In today’s world, there’s one area of technology that can almost never be fast enough: the wireless networks that power our mobile devices.
Despite decades of advancements, we still lose signal when walking around in a big city like New York or San Francisco.
Or when attending a popular sporting event — individual towers just can’t handle thousands of people trying to move data at once.
But a hot startup with some major engineering talent is hoping to change all of that.
Founded in 2011, Artemis is a startup working on pCell, a new wireless standard that it thinks could leapfrog 4G altogether. With decades of experience and hundreds of patents between them, these are the guys at Artemis who are making their amazing technology possible.
Steve Perlman is the founder and CEO of Artemis.
He’s been involved with cutting-edge research in the tech industry for more than 30 years. After graduating from Columbia University in 1983, he began work on massively-parallel graphics chips at Atari, decades before they became mainstream.
Two years later, he was working on the technology that would become QuickTime as Apple’s Principal Scientist.
A serial entrepreneur and Ayn Rand fan, Perlman founded Rearden as a business incubator in 2000.
Since then, he’s launched a number startups from within Rearden, several of which have been spun-off. MOVA, his motion capture technology studio in the San Francisco Bay Area, was notably used for Brad’s Pitt’s facial capture for the 2008 film “The Curious Case of Benjamin Button.”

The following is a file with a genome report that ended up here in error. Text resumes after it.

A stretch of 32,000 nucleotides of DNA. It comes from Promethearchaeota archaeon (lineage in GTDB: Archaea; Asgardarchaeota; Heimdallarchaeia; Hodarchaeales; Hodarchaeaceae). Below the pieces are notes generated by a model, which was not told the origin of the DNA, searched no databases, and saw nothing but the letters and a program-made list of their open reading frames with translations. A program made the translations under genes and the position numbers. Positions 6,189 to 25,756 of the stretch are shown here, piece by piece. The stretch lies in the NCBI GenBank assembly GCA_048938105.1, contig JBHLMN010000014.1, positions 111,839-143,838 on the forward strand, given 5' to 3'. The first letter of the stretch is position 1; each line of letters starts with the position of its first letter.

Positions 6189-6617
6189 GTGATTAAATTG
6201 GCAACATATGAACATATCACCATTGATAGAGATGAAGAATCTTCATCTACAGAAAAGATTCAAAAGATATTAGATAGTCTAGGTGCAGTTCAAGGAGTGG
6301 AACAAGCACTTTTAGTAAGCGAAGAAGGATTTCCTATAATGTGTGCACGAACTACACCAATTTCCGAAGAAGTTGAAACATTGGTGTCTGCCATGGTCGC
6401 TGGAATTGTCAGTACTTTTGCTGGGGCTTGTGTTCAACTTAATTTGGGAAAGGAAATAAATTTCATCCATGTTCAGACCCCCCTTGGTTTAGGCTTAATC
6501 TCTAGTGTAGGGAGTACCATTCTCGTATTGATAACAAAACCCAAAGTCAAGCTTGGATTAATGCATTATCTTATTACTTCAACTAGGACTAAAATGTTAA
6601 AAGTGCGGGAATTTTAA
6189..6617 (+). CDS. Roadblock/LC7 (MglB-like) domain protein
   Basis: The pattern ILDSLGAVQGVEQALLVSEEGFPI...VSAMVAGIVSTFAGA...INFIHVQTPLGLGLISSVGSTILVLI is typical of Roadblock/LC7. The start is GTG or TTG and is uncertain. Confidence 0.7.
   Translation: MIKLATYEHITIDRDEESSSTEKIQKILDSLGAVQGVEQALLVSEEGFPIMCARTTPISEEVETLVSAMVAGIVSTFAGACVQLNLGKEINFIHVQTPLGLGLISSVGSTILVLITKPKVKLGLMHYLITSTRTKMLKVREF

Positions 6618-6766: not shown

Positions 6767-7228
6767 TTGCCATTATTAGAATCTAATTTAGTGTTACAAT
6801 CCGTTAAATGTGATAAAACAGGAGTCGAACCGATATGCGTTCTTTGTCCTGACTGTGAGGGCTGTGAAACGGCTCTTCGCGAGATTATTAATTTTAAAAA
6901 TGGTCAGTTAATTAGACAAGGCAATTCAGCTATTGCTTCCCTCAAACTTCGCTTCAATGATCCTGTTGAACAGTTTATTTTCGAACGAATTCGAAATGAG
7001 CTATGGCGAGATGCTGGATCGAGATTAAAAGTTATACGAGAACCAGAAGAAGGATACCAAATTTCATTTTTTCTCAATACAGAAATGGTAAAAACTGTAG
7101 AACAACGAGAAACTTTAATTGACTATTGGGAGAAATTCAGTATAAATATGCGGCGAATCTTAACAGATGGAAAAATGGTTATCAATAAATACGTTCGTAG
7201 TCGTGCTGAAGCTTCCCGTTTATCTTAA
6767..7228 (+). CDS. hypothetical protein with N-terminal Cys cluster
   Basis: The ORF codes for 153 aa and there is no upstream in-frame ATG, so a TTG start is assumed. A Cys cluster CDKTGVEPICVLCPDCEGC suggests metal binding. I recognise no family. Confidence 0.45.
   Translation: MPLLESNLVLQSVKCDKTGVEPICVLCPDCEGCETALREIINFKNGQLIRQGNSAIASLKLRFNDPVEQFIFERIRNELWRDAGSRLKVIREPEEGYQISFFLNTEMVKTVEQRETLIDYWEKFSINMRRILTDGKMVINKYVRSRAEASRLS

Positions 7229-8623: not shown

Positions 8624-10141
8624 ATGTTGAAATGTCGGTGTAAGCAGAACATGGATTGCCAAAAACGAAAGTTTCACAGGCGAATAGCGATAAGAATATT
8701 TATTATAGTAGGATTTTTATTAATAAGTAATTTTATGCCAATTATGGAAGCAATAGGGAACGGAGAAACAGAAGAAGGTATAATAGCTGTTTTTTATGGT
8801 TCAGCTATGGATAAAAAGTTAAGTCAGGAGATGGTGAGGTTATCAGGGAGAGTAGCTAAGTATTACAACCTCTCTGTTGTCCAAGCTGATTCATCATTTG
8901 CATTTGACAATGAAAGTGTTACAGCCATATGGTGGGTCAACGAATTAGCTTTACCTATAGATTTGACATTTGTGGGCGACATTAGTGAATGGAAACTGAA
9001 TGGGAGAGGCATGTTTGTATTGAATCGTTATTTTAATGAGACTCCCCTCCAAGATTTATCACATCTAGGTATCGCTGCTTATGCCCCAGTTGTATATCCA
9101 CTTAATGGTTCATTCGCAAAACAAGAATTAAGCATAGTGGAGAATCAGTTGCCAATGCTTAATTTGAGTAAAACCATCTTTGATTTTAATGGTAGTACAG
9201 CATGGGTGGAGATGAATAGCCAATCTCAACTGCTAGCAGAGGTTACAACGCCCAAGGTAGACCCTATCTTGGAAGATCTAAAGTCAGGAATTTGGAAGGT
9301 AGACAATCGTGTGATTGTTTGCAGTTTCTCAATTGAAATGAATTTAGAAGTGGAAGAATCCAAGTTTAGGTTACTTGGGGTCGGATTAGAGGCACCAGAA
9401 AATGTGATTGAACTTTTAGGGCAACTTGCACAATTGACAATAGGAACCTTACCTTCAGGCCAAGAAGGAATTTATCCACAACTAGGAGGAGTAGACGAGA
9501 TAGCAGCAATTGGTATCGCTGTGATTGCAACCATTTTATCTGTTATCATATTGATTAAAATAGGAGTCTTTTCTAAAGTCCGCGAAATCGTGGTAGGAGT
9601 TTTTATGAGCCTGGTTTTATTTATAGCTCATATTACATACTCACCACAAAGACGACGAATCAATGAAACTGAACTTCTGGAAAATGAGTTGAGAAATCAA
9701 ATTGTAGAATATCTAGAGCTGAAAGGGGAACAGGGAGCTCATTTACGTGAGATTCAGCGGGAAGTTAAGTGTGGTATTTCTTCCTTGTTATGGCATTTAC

Perlman’s last project before Artemis was OnLive, which hoped to serve as a “Netflix for video games” by letting gamers stream high-end games to any device, like interactive YouTube videos. After a rough period of layoffs in 2012, OnLive is still kicking but has lost a lot of its hype.
Perlman holds over 135 US patents that run the gamut of communications, video, graphics, facial capture, video gaming, software lens, and wireless power technologies.
Antonio Forenza is a co-founder and Principal Scientist at Artemis.
He’s been working with Steve Perlman for nearly a decade, having begun his research at Rearden in 2005.
Before that, he worked on systems engineering teams at seeral major wireless companies, including Samsung and Freescale Semiconductor.
Forenza holds a PhD from the University of Texas at Austin and is named on 13 wireless patents.
Even more impressively, he’s made several significant contributions to the Wi-fi and LTE standards that the wireless chips in all of our mobile devices are built to follow.
Roger van der Laan is a co-founder and VP of Engineering at Artemis.
Like Forenza, he joined Perlman at Rearden almost a decade ago and has been involved with all of the incubator’s major technology innovations.
He’s a co-inventor of the previously-mentioned motion caption technology that made CGI Brad Pitt look so good, as well as the core technology that let OnLive stream HD-quality games across the Web without introducing too much lag.
If you’ve ever used an in-flight entertainment system, you’ve got van der Laan to thank for that too: as Director of Research and Development at Delta, he designed and built the first such system that could let each passenger play their own TV shows and movies on demand during a flight.
Like his Artemis colleagues, van der Laan holds a number of patents: his current count is about 20, through he has approximately 40 pending.
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